A Message for Martin Frank

In case you don’t know (and, likely, you don’t), Martin Frank is with the non-profit American Physiological Society and he raised my ire this morning. Here’s why:

The National Institutes of Health (NIH) uses taxpayer money (read: yours and mine) to fund as many as 60,000 scientific studies every year. In the State of the Union address last night, President Bush praised Congress for doubling the NIH budget, so we can assume this number will only grow.

At the end of each study, the scientists publish their findings. Until now, it could cost $20 and more to get your hands on a copy. Sharon Terry, who runs a patient advocacy group called The Genetic Alliance, says she has spoken with parents who have used information from these studies to make a difference in the care of their children, many of whom have devastating diseases. Sadly, she says, without access some parents have watched doctors make grave mistakes in the treatment of their kids.

The NIH, in an attempt to make this information more accessible (and in a nod to the current state of technology), will be asking its scientists to make their findings available freely available to anyone by uploading them into an Internet archive. Good news, right?

Well, there are some companies out there that make a profit from publishing these papers, and they don’t like it at all. Some of them are non-profit organizations who use the revenue to fund really important things, like meetings and copy paper.

So, Martin Frank. Martin is with a non-profit group called the American Physiological Society. This group sells research papers and Martin doesn’t really want you to have access to the results of scientific studies that you paid for.

Martin says, “I think the government is trying to extend its reach beyond where it should be.”

My message to Martin?

Screw you, buddy.

5 Comments

  1. This seems ludicrous, especially considering the policy has already been watered-down to begin with. The initial recommendation was for “immediate public release of papers for which the agency pays publication costs, as well as requiring that papers on other NIH-sponsored research be released 6 months after publication.” It is expected that the final policy will extend the time frame to 12 months.When/if the greater good of the public becomes the central rallying point of this issue, rather than the greater good of people like Martin Frank, perhaps we can get to a system of true open access. BTW – I love the way they spin it to make it sound as if they’re protecting the rights of the author first and their pocketbooks as an afterthought. Meanwhile, the people suffer…

  2. Here, here – thanks for posting that, I had no idea!!!!

  3. I totally agree with you. Also, unless the research involves classified information research done with public funds (taxpayers $$$) it is suppose to be available to the public. This sounds like one of those “write to your congress-person and senator” efforts!Good post – thanks for the headsup!http://wheresyourbrain.blogspot.com/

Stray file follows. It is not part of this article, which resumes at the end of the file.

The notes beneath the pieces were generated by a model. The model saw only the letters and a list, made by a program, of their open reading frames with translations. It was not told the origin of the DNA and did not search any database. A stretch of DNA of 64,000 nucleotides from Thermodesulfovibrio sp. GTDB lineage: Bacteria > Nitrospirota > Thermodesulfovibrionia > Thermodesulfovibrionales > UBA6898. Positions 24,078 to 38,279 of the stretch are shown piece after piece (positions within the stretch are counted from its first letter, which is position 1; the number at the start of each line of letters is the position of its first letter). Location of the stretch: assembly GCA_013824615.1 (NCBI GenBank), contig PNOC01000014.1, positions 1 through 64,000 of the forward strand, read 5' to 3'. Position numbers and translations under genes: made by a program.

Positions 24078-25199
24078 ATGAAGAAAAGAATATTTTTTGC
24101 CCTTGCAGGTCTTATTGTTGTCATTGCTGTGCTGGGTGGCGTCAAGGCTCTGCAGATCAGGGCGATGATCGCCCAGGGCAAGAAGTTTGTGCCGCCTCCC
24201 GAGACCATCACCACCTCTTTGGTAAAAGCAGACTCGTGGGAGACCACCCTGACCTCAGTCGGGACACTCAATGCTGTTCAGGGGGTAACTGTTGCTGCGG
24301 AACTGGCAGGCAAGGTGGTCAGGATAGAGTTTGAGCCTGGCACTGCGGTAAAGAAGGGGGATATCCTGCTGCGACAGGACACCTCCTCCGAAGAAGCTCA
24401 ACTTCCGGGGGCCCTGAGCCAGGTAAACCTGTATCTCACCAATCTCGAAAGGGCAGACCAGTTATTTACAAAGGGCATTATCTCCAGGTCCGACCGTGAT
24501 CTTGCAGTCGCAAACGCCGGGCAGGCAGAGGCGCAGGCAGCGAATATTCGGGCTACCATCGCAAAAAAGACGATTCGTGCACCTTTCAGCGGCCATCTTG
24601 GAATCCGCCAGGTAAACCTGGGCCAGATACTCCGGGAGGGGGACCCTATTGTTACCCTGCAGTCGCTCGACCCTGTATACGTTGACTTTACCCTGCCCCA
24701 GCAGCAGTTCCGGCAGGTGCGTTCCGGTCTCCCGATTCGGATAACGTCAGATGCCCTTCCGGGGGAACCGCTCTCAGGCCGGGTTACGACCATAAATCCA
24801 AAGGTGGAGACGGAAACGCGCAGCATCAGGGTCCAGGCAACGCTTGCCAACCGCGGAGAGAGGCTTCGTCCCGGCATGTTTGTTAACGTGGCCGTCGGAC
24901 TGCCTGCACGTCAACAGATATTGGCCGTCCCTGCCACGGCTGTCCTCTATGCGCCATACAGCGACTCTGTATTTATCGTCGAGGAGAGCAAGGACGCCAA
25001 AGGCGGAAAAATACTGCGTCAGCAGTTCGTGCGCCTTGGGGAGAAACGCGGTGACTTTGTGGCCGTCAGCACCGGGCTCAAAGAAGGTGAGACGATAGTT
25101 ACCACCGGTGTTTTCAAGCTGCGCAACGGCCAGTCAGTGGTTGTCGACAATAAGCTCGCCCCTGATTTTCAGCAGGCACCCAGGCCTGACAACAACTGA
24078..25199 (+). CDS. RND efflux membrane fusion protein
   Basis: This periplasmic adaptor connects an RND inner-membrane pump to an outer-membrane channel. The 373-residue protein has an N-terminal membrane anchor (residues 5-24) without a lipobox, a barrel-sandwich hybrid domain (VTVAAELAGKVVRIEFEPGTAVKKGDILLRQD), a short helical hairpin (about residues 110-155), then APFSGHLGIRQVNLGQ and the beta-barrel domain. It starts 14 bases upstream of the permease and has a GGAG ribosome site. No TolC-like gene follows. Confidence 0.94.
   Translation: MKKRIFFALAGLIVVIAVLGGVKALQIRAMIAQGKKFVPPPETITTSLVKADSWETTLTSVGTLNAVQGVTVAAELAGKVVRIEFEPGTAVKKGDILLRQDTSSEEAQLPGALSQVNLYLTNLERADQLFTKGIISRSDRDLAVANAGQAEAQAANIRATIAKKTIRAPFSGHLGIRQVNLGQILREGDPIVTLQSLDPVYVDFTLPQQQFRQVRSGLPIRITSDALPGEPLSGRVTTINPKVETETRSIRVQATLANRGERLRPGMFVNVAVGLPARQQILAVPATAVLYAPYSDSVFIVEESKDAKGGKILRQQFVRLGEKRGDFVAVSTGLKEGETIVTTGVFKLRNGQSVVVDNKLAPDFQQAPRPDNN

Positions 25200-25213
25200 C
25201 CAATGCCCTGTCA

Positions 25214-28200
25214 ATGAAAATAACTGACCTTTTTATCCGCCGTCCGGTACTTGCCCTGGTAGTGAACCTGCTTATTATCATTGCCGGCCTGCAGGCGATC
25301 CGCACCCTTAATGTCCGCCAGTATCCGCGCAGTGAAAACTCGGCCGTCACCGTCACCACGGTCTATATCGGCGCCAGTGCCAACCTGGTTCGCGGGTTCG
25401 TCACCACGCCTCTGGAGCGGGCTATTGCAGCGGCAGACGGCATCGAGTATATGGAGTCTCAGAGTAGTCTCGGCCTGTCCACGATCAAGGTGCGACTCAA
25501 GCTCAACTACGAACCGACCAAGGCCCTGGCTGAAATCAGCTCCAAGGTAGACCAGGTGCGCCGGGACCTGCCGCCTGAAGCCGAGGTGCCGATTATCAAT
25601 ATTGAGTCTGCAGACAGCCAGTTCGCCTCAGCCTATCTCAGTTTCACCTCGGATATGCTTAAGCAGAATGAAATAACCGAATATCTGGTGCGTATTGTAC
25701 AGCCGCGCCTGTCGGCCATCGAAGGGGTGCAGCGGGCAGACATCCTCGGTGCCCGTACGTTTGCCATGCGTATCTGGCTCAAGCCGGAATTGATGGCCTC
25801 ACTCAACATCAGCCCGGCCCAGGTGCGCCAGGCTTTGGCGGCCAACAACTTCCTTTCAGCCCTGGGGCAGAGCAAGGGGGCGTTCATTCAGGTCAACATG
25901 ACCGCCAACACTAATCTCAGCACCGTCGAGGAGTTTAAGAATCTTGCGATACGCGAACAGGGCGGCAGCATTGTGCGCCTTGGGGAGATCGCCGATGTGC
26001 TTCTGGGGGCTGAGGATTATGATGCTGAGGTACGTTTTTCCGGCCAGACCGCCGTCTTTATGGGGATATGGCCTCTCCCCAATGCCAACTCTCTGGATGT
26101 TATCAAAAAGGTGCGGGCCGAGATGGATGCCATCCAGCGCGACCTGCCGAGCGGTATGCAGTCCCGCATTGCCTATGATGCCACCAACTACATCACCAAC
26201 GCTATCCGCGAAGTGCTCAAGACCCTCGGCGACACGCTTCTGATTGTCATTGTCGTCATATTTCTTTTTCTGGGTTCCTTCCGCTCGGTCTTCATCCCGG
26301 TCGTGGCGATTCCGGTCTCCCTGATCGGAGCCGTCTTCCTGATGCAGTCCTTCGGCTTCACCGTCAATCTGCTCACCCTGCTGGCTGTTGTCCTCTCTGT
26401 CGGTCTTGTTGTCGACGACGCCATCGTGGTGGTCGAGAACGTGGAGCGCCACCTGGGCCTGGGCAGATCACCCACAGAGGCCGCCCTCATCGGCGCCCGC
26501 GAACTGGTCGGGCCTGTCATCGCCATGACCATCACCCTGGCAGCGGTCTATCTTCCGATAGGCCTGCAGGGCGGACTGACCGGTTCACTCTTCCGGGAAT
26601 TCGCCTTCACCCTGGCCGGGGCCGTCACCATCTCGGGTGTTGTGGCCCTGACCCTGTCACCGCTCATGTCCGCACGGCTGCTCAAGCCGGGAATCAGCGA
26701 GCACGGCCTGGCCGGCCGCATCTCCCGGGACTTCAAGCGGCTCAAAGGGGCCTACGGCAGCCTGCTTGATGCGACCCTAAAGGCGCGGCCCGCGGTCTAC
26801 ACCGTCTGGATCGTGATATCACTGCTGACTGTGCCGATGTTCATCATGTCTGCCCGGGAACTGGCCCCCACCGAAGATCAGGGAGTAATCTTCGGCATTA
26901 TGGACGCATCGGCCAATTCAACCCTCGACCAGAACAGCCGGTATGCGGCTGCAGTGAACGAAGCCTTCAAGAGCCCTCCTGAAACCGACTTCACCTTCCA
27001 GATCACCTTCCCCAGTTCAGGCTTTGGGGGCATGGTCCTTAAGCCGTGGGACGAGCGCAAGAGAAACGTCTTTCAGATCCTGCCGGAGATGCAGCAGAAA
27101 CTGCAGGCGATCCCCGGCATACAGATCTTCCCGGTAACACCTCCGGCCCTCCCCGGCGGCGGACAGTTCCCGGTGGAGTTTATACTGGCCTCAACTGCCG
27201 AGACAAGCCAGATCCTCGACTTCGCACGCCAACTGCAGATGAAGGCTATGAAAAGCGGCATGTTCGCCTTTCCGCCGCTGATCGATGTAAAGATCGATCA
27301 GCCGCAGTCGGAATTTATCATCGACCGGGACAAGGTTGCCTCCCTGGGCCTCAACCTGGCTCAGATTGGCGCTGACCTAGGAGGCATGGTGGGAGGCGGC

4. Thank you for that terrific post illuminating the world of carpetbagger peddlers of public information. Kudos

  5. Well it sounds like a fair compromise was reached. Personally, I agree with you that it should all be made available, because it is funded by the American people and we are the folks that own it. And because NIH positions are so prestigious that it is hard to imagine this rule would in any way diminish the incentive for top scientists to work at NIH.But there is another side to this. Which is that the private periodicals are part of a vibrant worldwide research community, and you don’t really want to drive them out of business. One of the ways that federally subsidized research maximizes its benefit is by encouraging private players to be part of the process. It could be argued that in the long run, a vibrant and diverse research community is going to save and improve more lives, even though an individual may suffer [even horribly] from time to time. It is not very emotionally satisfying, but it really may be more important in the long run to facilitate communications among scientists of technical information, than to facilitate the research of individual patients. If you make it impossible for top scientists to publish in the most prestigious journals because they must first disclose their findings to the general public, top scientists may well ultimately leave NIH for private universities with more reasonable rules. And the idea that meetings are frivolous exercises for researchers is really a bit off base. The last thing you want to do is make it harder for researchers to communicate with each other. If you really care about finding cures to terrible diseases, that is.You have a really thoughtful and thought provoking site!

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